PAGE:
Do you know which Major League Baseball player holds the record for most World Series rings? (Yogi Berra) How about who designed the dress Halle Berry was wearing the night she became the first African American to win a Best Actress Oscar? (Elie Saab) The Pope’s birthday? (December 17) The average daily October high temperature in Kuala Lumpur? (88⁰F) Do I know all this because I’m brilliant at remembering random facts? Sadly, no, although you kinda do want me on your team on trivia night. All this information is available to me, and you, at all times. We carry around with us little devices that hold constantly updated versions of all the knowledge (and opinions, and other noise) of the human universe within them. Even more, they’re so easy to use that we can access the pieces of information we’re looking for in a split second, if we know how to ask for it. Of course, we also find lots of information we aren’t looking for. Often, however, it’s tough to tell the difference between the two…
Not being able to decipher between what you need and what you don’t need in a world of abundant information can make decisions pretty tough. First, our options seem endless. Second, thanks to the brilliant gift-meets-curse of social media, we also know nearly everyone else’s options, as well as their decisions. In theory, this should make choices like where to eat dinner tonight or which movie to see on Saturday a bit easier, if we’re reading reviews and learning from others’ regrets. Additionally, these decisions are fairly minor in nature and we know the stakes are low. So then why do we still get stuck on them?
Any decision, whether it’s about which restaurant to choose, which business schools to apply to, which global study module to bid on, or which internship opportunities to pursue, is made more difficult as your perceived number of options increase. We’re all familiar with this sense of “analysis paralysis.” However, they are also complicated by how much you know about each option. Seeing pictures, live detailed updates, and most of all, becoming aware in real time of other people making the same choices you are struggling with are likely to influence, and complicate, your own choices. We are always confronted with alternate paths to consider, which on a large scale – those big “this is your future” decisions – is both exhilarating and terrifying.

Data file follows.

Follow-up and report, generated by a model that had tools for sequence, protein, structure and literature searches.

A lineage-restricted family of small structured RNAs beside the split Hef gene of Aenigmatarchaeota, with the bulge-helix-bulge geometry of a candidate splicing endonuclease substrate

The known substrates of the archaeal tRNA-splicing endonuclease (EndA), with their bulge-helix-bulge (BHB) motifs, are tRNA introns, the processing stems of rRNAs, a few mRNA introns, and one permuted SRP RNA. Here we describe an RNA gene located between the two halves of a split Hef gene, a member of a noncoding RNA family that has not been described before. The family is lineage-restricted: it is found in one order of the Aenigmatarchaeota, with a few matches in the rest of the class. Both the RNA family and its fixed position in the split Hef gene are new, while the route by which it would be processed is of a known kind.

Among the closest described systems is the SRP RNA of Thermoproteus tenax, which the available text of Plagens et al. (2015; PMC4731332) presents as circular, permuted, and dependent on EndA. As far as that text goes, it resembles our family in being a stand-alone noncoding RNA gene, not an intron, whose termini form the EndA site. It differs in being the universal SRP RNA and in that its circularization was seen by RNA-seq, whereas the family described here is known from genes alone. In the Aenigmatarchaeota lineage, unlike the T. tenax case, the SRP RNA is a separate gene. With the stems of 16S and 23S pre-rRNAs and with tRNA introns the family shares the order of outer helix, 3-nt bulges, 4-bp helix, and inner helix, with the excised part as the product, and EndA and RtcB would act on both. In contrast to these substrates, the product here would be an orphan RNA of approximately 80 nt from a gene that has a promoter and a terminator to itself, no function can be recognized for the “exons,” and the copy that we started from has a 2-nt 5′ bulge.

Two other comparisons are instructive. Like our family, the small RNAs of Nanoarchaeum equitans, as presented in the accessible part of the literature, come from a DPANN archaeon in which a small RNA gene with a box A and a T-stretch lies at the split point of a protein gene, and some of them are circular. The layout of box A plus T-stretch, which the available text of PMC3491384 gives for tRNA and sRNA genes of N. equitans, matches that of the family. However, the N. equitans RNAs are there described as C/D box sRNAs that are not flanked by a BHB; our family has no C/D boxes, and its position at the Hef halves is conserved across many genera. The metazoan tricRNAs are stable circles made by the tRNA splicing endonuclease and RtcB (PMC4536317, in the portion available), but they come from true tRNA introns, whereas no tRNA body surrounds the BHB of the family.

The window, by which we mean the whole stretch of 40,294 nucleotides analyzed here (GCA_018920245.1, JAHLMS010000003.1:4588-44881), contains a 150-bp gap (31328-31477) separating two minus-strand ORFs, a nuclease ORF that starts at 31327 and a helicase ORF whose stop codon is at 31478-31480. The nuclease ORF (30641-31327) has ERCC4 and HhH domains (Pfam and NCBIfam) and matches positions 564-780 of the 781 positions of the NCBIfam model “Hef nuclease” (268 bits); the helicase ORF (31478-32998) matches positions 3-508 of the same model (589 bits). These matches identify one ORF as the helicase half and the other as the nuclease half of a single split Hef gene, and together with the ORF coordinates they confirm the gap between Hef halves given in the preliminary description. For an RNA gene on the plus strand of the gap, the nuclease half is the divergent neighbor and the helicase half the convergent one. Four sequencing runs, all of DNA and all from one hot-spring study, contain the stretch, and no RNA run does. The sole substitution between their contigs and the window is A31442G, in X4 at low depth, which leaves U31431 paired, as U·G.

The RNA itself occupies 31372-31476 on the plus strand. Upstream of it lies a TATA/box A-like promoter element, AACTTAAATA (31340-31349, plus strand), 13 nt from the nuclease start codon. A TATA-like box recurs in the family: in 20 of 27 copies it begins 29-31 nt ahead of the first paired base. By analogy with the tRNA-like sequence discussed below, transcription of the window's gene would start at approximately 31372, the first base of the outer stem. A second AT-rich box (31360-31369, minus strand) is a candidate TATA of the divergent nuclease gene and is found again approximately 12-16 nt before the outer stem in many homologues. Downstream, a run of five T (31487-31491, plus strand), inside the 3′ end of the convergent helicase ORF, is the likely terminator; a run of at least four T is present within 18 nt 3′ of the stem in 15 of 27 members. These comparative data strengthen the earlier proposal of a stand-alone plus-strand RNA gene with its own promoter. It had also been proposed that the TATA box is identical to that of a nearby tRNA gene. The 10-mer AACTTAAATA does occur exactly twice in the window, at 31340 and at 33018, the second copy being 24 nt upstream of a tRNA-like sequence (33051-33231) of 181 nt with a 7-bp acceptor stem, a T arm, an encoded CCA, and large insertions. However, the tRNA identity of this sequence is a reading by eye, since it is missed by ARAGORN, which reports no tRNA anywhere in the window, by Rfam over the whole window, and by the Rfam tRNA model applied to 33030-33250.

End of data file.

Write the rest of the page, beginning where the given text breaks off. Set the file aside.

A lot of smart people, including researchers like Brené Brown and mindfulness and meditation experts like Tara Brach, have talked about FOMO (fear of missing out), and the dilemma of constantly facing dilemmas. We can’t escape from self-doubt when we’re making big, scary decisions that we feel are shaping our lives (which doesn’t always turn out to be true, but still…scary). FOMO is rooted in self-doubt, fear of the unknown and fear of failure. Brach says that “we have to be willing to feel the fear but not be driven by it.” To do this, we need to find ways to manage that fear. Developing even a short but regular mindfulness practice where you spend a few minutes a day tuning in to your breath, your body and your self can help you do that by minimizing the external and connecting you to your internal clarity. (It’s in there! I promise.)
Remember that old saying about what you’d do if all your friends jumped off a bridge? There’s wisdom beneath all the dust on that thing. You are in this life to be and do and achieve a special combination of things – large and small – that no one else will. At a certain point, we have to come to terms with the fact that people we admire are going to have and make different choices than we will. They need to. They are not on your journey, and you are not on theirs. To make the choices that are right for you, you have to quiet your mind, and tune into what your intuition, your “gut,” is trying to tell you. If you’re turning outward and seeking external validation for your choices, you won’t be happy for long. There are plenty of cranky people out there who are ready to throw doubt at you, probably because they haven’t tuned in to their own needs and gifts yet. By now, you know right from wrong, and you know what makes your heart beat faster versus what makes your stomach sink. Close your eyes, find your breath, and listen to yourself. As a life lesson from the guru of Pooh, “You’re braver than you believe, stronger than you seem, and smarter than you think” (A.A. Milne). You are not missing a single thing.
Photo credit: Ryan McGuire, Bell Designs/Gratisography
7 thoughts on “Say no to FOMO”
Great advice on how to deal with FOMO
Love what you are articulating here, but wonder at what age is important to develop this type of mindfulness., I’m sure tweaking it and refining it is a lifelong journey, but at what age do you people need to learn to listen to their inner voice?
Great question, Kendra! You know I am going to say it’s never too early. 😉 I actually think kids are naturally more “mindful” in that they are totally engaged with the present moment, and what is right in front of them. We learn as we age to plan, worry, hypothesize, and live more in the potential than the actual. Of course, kids’ version of being present means letting both the positive and negative overtake them in the moment. Most of them do not have the capacity for perspective that mindfulness can help us cultivate as adults, teaching us that we experience our emotions, but they are not who we are. But, teaching kids to find their breath will engage their parasympathetic nervous system, and help them to calm themselves in the midst of emotion. So while it’s never to early, mindfulness does seem to only get better with age.
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